WTO Hong Kong Ministerial
December 13-18, 2005
Will the Elephant Give Birth to a Mouse
Sabrina Shaw, December 16, 2005
With the realization that it would not be possible to agree on modalities in agriculture and non-agricultural market access (NAMA), one month ago the expectations for the Hong Kong Ministerial were lowered significantly. Nevertheless, many delegations are left wondering in the final late-night negotiating hours in Hong Kong whether they are here under false pretenses. What of the development round? Concerns about preference erosion for some developing countries, which will result from reducing tariffs in a NAMA deal, contrast sharply with the logic of agreeing to extend preferential duty- and quota-free market access for least-developed countries (LDCs). With the end game in play the final deal is taking shape - a barebones development package within a supposed Development Round.
The highlight of the day was without doubt the midday press conference given by the coordinators of groups representing 110 WTO member developing countries in which they set out their desire to harmonise their positions with the objective of having a successful focused development outcome. This is the first time in the history of the WTO that there has been such coordination at a ministerial meeting between these various developing country groups (the full gambit of G's - G33, G20 developing countries, LDCs, Africa, the Caribbean and the Pacific [ACP] and the vulnerable small economies).
Their basic platform - to ensure the development nature of the Doha round as determined in Doha on all issues. Their common objectives - to fix the date for the elimination of export subsidies by 2010, to push for duty- and quota-free market access for LDCs, to have recognition of preference erosion for some developing countries and to address the concerns of others on cotton. The Brazilian foreign minister, Celso Amorim, was quick to note that despite the diversity of situations of developing countries, they have a common objective to push for a bona fide development round.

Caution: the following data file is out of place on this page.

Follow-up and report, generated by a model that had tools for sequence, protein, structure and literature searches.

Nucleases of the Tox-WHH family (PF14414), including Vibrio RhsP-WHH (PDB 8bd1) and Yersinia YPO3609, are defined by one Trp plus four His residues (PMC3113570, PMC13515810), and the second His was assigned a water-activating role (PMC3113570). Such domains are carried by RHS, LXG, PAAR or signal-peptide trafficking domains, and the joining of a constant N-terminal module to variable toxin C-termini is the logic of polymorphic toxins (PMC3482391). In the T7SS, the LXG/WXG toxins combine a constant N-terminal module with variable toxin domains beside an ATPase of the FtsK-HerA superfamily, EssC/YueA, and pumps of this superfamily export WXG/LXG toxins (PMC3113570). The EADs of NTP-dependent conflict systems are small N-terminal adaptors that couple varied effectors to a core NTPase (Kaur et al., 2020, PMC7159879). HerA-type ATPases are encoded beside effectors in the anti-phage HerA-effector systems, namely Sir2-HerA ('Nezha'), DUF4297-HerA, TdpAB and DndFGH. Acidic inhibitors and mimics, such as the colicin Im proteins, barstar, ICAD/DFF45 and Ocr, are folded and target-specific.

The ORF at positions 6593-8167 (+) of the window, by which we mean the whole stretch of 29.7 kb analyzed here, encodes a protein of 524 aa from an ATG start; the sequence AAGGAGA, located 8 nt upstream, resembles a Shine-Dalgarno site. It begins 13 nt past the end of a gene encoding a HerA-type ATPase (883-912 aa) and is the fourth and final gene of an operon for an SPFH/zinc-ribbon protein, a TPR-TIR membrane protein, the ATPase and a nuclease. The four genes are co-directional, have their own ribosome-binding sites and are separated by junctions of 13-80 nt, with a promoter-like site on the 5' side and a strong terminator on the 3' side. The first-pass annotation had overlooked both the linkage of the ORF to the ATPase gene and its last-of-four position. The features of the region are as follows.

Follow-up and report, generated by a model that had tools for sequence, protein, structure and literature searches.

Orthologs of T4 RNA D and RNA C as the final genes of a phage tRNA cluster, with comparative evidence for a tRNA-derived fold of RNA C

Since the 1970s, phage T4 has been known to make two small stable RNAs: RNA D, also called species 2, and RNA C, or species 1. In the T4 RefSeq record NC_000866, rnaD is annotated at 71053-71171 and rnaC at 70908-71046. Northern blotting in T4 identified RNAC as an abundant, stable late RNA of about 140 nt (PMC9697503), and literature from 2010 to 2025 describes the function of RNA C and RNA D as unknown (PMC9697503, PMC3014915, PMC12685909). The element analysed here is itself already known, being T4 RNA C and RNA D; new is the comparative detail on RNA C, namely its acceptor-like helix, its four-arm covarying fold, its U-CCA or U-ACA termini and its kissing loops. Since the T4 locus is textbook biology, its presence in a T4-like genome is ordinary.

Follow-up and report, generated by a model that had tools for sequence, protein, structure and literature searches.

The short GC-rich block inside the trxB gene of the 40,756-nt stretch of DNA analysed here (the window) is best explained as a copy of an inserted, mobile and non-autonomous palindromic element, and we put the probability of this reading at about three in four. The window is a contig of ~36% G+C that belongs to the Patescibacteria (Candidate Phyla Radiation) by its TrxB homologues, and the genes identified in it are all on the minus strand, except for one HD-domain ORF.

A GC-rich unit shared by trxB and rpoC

Following a laudatory statement from Oxfam for their structured coordination process in Hong Kong, African representatives from Oxfam as well as former prime minister and high commissioner for human rights Mary Robinson were even called to join the trade ministers on the podium. The G110 were basking in a perfect "photo op" moment. Minister Amorim emphasized that the large umbrella membership represented pragmatic commonalities and was not based on a North-South rhetorical unity - it was, he insisted, "an historic moment".
The facilitator for trade and environment (Ignacio Walker, Chile) consulted with a large number of delegations on the bracketed text on removing tariff and non-tariff barriers to trade in environmental goods and services. One bracket contains language to develop a common understanding of the different approaches to the negotiations while the other is a general reference to complete work by a specific deadline in 2006. In parallel, several Organisation for Economic Co-operation and Development delegations floated compromise text with other delegations to merge these two alternatives. The consultations on EGS continued into Thursday night in the Green Room. The facilitator was scheduled to hold further consultations on a compromise text for inclusion in a "first final" version of the ministerial declaration.
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